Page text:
University of Jyvaskyla (FINLAND)
About this paper:
Appears in: INTED2020 Proceedings
Publication year: 2020
Pages: 952-956
ISBN: 978-84-09-17939-8
ISSN: 2340-1079
doi: 10.21125/inted.2020.0344
Conference name: 14th International Technology, Education and Development Conference
Dates: 2-4 March, 2020
Location: Valencia, Spain
In recent decades, the talk of lifelong and continuous learning has become an internationally prevailing trend. Lifelong learning has many meanings depending on the interests and the determinants. On the other hand, lifelong learning is understood in the context of adult education as the OECD's contribution to market-liberal social and economic governance. In this case, the main actor is the individual with responsibilities and duties to ensure social competitiveness. On the other hand, lifelong learning is defined by adult education, cultural democracy, narrowing educational disparities and cultural equality.

In the ethos of lifelong learning and in the spirit of continuous education, many adults are optimistic and goal-oriented towards open university studies. Adult agency would seem to appear in accordance with the ideal concept. The Open University also seeks to take into account the everyday boundaries of a heterogeneous group of adult learners through flexible arrangements, thereby creating equal opportunities for learning.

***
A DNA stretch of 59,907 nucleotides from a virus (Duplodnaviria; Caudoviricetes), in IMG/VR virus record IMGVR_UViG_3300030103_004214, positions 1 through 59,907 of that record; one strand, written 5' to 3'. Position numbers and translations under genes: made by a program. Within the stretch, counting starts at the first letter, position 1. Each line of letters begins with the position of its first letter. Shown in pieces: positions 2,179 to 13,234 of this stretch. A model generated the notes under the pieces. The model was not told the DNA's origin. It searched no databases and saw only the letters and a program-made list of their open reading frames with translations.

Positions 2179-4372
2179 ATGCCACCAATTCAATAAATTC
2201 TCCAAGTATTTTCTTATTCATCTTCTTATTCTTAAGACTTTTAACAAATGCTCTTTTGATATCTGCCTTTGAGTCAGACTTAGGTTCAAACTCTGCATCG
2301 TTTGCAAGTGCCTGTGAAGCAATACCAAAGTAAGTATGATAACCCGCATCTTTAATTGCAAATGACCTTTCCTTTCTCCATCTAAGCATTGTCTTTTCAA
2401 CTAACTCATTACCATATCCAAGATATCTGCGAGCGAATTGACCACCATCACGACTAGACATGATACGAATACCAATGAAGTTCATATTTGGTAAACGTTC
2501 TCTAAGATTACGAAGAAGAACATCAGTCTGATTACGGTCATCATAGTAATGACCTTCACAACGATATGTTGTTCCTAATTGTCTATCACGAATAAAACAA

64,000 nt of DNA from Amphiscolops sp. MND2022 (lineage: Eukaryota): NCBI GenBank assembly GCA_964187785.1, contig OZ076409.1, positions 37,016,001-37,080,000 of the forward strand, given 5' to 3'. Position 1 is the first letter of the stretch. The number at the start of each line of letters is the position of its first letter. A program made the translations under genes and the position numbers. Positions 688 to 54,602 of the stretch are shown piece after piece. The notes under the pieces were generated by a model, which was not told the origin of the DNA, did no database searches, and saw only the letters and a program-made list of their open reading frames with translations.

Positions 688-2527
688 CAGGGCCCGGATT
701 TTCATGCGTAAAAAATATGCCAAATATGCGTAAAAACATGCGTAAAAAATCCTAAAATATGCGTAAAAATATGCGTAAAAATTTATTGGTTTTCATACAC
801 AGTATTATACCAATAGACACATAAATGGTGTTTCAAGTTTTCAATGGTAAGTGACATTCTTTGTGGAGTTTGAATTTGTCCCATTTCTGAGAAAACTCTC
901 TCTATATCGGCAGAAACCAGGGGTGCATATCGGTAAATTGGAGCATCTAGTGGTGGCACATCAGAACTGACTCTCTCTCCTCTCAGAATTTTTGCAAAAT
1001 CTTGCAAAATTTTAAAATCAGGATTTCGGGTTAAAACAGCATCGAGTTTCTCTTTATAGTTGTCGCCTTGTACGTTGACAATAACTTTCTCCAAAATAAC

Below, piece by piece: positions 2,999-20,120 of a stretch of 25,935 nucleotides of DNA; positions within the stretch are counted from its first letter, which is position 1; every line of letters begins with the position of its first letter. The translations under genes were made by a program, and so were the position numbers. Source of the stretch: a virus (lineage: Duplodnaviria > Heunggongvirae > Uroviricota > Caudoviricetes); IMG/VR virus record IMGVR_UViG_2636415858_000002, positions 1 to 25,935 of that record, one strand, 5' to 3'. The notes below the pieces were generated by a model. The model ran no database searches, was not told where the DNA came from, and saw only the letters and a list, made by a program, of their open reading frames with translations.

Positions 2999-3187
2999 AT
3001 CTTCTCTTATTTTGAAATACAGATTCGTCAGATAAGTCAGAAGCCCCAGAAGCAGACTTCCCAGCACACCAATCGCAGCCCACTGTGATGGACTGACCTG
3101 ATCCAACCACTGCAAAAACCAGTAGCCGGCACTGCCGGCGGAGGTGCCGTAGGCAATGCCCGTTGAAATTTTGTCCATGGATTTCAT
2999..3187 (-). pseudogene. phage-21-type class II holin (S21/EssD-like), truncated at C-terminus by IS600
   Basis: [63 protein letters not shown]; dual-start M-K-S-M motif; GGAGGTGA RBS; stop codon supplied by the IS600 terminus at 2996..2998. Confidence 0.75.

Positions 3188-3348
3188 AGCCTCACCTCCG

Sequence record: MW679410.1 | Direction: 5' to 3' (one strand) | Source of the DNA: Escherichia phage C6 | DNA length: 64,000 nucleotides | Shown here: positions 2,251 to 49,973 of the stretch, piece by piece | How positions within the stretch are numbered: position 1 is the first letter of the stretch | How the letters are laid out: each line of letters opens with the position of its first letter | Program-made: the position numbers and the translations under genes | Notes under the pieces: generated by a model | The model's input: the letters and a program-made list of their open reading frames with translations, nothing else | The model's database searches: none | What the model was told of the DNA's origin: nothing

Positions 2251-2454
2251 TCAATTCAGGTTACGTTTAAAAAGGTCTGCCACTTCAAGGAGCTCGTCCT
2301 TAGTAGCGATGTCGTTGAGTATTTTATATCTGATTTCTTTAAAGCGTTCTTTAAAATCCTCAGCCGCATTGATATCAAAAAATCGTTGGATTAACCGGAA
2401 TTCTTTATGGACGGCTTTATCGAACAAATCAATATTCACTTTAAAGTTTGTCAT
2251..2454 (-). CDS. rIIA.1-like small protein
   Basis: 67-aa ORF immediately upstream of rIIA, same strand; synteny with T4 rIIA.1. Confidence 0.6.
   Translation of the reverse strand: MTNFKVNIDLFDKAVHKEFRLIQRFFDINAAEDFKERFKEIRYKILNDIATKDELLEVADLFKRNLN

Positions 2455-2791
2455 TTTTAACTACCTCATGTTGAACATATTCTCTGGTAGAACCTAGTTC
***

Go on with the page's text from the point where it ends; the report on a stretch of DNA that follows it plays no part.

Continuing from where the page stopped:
But sometimes, and in fact, very often, open university adult student studies do not progress and the students do not graduate. For these undergraduate and zero-advanced students, there is little visibility from the spotlight of top performers. Who are these students who enrol and pay, but who do not progress at all? What kind of obstacles do they face when they are not studying?

In the study, we wanted to give voice to this quiet but quantitatively large group of zero-advanced students.
The research material was acquired through an online survey. The survey was sent to 414 students and was answered by 185 students, with a response rate of 45%. The survey contained both quantitative and open-ended questions.

According to the analysis, the reasons for the lack of progress in studies seem to be related to the lack of academic study skills and competences and the challenges of time management. Those who didn't advance in their studies wanted ready schedules and teacher-oriented guidance. A meta-level awareness of the nature of academic study and the process-oriented development of academic skills appear to be central when trying to understand the phenomenon.

And finally, using concept of Zero-advanced students is a conscious choice, through which we want to emphasize the power of used language and words and quantifying – also when regarding learning. We do not refer to the value of the individual or the inefficiency of learning, even if it is not seen as a performance and credits, learning can take place in many ways. In this paper we challenge to reflect and discuss the phenomenon of more widely, to outline the backs and blind spots.
Open university, adult student, zero-advanced student.